The words ‘cottage garden’ conjure up an idyllic image involving roses round the door of a picturesque thatch cottage with towering hollyhocks and delphiniums (or something similar) either side of a brick path that leads to a picket gate. It’s all very romantic, always spring or summer – and always sunny.
It’s a bit of a dream idea, but the absence of the actual thatched cottage doesn’t mean that the wish for a cottage garden need be abandoned – remove the chocolate box setting and it is basically an informal style of mixed planting that can be adapted to many gardens.
One of the most appealing aspects of the cottage garden idea is that it does not require design skills – just a love of plants.Of course, an artistic eye does help, but more than any other type of garden it is uncontrived, with its mix of practical and decorative. There are no rules in cottage gardens – if you like a plant and can find a spot for it, then in it goes!
To understand a cottage garden, it helps to think back to its origins. Farm labourers lived in tied cottages where they grew much of their own food to supplement their meagre wages. Alongside the family pig and a few chickens, vegetables and fruit were all important providing the family with most of its food. And with little in the way of medical help, the women grew herbs to treat family illnesses. In medieval times these gardens were utilitarian in the extreme, but flowers gradually crept in. Sometimes they were grown from seeds or cuttings from the ‘master’s garden’, flowering herbs were distributed by the monasteries, and seeds or plants were bartered with neighbours or collected from the wild.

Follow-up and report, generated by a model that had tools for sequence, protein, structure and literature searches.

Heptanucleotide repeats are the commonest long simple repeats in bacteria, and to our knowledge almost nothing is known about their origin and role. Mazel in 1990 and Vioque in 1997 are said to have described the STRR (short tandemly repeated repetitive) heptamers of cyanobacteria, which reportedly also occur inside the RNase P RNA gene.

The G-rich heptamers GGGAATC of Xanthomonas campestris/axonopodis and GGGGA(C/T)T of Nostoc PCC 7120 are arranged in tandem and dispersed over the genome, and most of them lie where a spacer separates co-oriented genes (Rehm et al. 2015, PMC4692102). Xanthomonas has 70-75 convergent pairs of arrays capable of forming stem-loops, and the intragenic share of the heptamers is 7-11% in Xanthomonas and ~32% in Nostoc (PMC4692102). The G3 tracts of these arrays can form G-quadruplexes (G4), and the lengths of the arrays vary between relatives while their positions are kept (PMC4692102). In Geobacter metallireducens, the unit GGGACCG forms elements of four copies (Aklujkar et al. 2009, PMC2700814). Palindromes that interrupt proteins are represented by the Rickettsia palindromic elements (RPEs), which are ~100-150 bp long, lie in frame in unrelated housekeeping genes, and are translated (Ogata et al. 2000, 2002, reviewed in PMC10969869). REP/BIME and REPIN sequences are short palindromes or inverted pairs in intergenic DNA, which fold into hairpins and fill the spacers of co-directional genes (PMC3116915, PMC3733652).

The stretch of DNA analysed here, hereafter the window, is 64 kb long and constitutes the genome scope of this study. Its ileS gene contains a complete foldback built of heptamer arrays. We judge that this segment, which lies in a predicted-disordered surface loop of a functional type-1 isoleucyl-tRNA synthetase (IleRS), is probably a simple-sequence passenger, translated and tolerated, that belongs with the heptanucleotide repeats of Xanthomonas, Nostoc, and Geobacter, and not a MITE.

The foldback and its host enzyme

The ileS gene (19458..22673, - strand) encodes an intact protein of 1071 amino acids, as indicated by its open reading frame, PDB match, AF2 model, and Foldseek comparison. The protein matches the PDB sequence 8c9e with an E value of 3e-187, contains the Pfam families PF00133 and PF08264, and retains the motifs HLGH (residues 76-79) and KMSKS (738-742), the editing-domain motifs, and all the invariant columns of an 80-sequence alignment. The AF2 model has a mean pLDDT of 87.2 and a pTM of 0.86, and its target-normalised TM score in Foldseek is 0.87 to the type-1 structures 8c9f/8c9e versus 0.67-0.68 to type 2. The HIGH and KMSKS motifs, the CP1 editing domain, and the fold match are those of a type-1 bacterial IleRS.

The charming rustic containers, plant supports and fences that we associate with this style of garden were a matter of economy rather than aesthetics. Old troughs, baths and buckets had a second life as planters, bean poles and plastics could be gathered from the woods and hedgerows and picket fences were inexpensive boundaries. Think of the cottage garden as a marriage of ‘grow your own’ with ‘make do and mend’.
Creating your own Cottage Garden
I’ve been collecting gardening books for as long as I’ve been gardening, which probably explains why I have an entire wall of books on anything garde...More »